"I just got to the point where if I didn't get going I was going to lose," Becker said. "I've worked so hard on clay, I know I'm fit to play four hours and my confidence is high. I wasn't going to give it away."

Becker next gets Connors, the last of the Americans. Today, Connors needed all his guile and the old blood and guts to overcome a lanky West German who just kept the ball in play for two sets and waited for Connors to miss.

And, much to his disgust, Connors did miss. But, just when it seemed Connors might exit in ignominy, he put together one of his streaks, ripping off 10 straight games after being a point away from going two sets down twice.

"Actually, I think I wore him down some," said Connors. "In the beginning, he was moving well, getting to everything. At the end, it wasn't the same."

Osterthun admitted he felt tired towards the end in the midday heat but credited Connors with turning the match around. "If I had won the second set it might have been different," he said. "But after that set, he just didn't miss. In the locker room, players told me if I played well I would have a very good chance to beat him. Well, I played well and he beat me. He's still a very good player."

Better, at least, than any other American in this tournament. While Connors is the last American, Noah is the last of the French after a giddy first week in which they pulled major upsets all over the grounds. Today, Benhabiles made a run at Wilander, but wilted under a barrage of passing shots.

Noah gained a measure of revenge for France when he outlasted Carlsson in 3 hours 34 minutes. Wilander plays conservative tennis. Nystrom plays very conservative tennis. What Carlsson plays defies description. Nystrom is a net-charging madman compared to Carlsson. At least, when the match is over, he knows where the net is.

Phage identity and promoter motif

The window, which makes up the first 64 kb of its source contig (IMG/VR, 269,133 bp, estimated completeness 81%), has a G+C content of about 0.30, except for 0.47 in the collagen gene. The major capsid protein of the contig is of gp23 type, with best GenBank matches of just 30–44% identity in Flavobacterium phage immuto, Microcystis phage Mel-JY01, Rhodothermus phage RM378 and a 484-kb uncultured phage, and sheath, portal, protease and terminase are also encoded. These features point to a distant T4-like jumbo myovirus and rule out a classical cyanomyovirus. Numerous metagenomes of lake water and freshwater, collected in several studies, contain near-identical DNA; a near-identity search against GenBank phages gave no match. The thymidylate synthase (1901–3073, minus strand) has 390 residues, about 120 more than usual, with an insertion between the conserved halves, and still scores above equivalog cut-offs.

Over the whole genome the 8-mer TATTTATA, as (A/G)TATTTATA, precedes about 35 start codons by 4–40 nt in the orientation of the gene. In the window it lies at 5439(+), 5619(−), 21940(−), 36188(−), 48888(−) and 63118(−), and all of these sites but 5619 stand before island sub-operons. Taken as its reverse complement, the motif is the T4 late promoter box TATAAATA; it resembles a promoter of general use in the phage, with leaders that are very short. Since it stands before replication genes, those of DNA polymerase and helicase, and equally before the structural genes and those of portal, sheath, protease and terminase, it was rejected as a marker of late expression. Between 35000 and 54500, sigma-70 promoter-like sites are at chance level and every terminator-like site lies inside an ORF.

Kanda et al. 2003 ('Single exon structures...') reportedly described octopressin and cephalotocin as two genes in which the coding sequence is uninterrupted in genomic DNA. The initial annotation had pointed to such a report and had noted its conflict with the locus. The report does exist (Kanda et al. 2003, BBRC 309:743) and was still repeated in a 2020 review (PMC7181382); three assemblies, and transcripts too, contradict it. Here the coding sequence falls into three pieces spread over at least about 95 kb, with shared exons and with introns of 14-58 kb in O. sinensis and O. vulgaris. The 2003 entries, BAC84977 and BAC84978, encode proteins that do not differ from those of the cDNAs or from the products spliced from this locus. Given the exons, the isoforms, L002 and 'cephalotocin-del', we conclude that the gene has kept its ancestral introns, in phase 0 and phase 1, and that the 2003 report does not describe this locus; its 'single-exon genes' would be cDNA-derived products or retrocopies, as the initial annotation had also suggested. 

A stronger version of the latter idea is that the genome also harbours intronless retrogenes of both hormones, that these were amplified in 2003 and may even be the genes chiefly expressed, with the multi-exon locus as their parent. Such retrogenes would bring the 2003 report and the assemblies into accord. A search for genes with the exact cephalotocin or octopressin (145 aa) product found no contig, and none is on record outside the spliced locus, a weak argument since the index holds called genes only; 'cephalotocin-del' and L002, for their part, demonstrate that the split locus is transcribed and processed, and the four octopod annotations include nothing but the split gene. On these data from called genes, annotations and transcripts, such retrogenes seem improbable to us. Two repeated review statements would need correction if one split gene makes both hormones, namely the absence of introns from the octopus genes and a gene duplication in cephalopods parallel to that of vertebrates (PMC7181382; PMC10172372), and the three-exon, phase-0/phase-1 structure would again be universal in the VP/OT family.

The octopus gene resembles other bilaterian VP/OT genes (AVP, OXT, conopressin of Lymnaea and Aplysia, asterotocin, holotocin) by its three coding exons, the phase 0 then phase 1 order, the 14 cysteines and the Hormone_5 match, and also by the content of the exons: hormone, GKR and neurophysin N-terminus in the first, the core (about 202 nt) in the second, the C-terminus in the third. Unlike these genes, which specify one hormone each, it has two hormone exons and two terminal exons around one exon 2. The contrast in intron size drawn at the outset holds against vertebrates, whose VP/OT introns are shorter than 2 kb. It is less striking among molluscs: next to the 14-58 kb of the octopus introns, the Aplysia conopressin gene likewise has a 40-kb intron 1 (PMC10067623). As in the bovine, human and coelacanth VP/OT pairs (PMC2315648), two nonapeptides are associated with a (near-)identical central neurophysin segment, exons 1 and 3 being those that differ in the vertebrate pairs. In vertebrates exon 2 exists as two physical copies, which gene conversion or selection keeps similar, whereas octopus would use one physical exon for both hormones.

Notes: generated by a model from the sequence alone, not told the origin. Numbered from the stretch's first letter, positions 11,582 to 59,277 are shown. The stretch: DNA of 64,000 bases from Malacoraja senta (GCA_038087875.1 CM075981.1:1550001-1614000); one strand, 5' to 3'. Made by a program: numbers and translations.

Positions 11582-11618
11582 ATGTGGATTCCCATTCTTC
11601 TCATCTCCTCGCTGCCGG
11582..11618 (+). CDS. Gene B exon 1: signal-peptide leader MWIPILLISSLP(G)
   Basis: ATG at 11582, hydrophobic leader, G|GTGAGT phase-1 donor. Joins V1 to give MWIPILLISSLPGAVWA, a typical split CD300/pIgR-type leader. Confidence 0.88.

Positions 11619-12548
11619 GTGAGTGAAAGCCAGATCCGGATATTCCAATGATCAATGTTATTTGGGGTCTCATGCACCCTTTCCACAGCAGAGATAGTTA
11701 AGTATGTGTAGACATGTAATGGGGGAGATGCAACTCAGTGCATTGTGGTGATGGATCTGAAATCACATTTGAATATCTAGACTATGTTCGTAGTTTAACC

Carlsson's goal in every match seems to be to hit a million topspin groundstrokes. "You have to go out there," Noah said, "thinking it will take forever."

It almost did, Noah beating darkness by saving two set points at 4-5 in the fourth set and getting to net for the break he needed to close the match a few minutes later. There was no joy on his face, only relief.

The same could be said for Lendl. After Sunday's debacle, he decided there was no need to change tactics. He had been content to rally with Nystrom most of the time but, during the 28-minute ninth game in the third set and during the next game, he lost patience at crucial moments, making forehand errors on seven of his 11 set points.

Today, he closed out the fourth set in six minutes, but then Nystrom got back into his metronome groove briefly. During the first game of the fifth set the two men had back-to-back rallies that lasted for 103 hits and 94 hits. The crowd whistled and hooted them, but they played on. And on. And on.

Nystrom has been close to major breakthroughs in Grand Slams before. In 1985, he had John McEnroe down a break in the fifth set here and lost. At Wimbledon that year he served for the match twice in the fifth against Becker and lost. Today was the same.

Perhaps his reaction to the defeat explains the problem. "I'm happy with the way I played," he said. "We had a nice match so I don't feel that bad. I took Ivan to five sets. For me, that's pretty good."

Pretty good, but that is all. Lendl broke Nystrom back in the next game, broke him again in the fourth and was finally home free. "I'm very glad to have it behind me," Lendl said. "I hope it's all out of my system now. I'm glad I won and can get some rest now."TODAY'S FEATURED MATCHES Center Court

Chris Evert (3), Boca Raton, Fla., vs. Raffaella Reggi (14), Italy; Ivan Lendl (1), Czechoslovakia, vs. Andres Gomez (10), Ecuador; Martina Navratilova (1), Fort Worth, vs. Claudia Kohde-Kilsch (8), West Germany; Karel Novacek, Czechoslovakia, vs. Miloslav Mecir (5), Czechoslovakia. Monday's Results, D6